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The day Masisi rues

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As the continuing feud between current and former heads of state rages on, President Dr Mokgweetsi Masisi says he regrets that he led the Botswana Democratic Party Members of Parliament in amending the President’s Pensions and Retirement Act in 2017.

Now Dr Masisi regrets the decisions he made when as Vice President he convinced his fellow MPs to rally behind the amendment. “We created a problem by amending this Act. “I am the only one qualified to speak about it because then I was leading the pack as Leader of the House and Vice President,” Dr Masisi told BDP South West regional elective congress in Moshupa recently.

The president stated that he has even raised the issue at the BDP Parliamentary Caucus meeting. He said it is time they become honest. He told the congress that this matter is a national issue because it is national resources they are talking about. He pointed out that they can no longer tolerate dishonesty. “We dropped the ball when we amended the Act. Former President the late Sir Ketumile Masire stayed for two (2) years without being availed a house by government,” he revealed.

Among other benefits the controversial Act now allows Dr Khama to use any government mode of transport of his choice, seek employment elsewhere while still getting 80% of his salary as housing allowance.

His regret comes at a time when his predecessor Dr Ian Khama is now a beneficiary of the amendment while at the same time they are entangled in a protracted standoff, which often ends in their engaging in public spats. What seems to have also annoyed Dr Masisi is that he is convinced that the former president has a hand in the challenge against his (Dr Masisi’s) presidency. Dr Masisi will defend his seat against former minister Dr Pelonomi Venson-Moitoi as BDP President during an extraordinary congress later this year.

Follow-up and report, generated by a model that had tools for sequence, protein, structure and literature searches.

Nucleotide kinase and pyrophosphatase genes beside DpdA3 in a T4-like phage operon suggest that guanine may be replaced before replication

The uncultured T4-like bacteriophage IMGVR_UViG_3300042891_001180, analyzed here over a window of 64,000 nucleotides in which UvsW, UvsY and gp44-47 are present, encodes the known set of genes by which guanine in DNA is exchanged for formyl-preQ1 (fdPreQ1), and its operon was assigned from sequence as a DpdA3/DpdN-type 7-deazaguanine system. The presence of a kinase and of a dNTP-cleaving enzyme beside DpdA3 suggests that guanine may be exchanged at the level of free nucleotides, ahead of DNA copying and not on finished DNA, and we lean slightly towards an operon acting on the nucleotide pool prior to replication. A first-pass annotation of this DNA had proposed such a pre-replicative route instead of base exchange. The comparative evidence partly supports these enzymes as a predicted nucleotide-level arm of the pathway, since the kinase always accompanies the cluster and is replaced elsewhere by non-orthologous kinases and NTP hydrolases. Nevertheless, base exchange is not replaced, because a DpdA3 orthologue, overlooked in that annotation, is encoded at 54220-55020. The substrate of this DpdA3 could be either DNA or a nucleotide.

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Women challenged to step-up food production

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National Development Bank CEO, Lorato Morapedi has challenged women to take up more agribusiness ventures to cut down on the country’s food import bill.
With an annual P7 billion food import bill hanging over the country, Morapedi said women can significantly trim it down. “We need to get out of our comfort zones, let’s open our eyes and seize the opportunities,” said Morapedi, adding that women need to work in groups.
She emphasized that women should leverage on collective expertise found in clusters to grow the country’s food production sector.
“Grab the opportunities that exist with the food value chain,” she said, citing that women have been hard-hit by COVID-19 in their endeavors to put food on the table.
She further implored women not to shy away from finance development institutions (FDIs) to finance their projects. Morapedi bemoaned that a handful people are willing to go into food production despite the high import food bill that the country faces.
Very few people are doing food production; people are lazy to go into food production,” said Morapedi. She also highlighted that the country’s major supplier, South Africa is also not coping as COVID-19 challenges unravel.
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Sun ePaper Wednesday 05 August 2020

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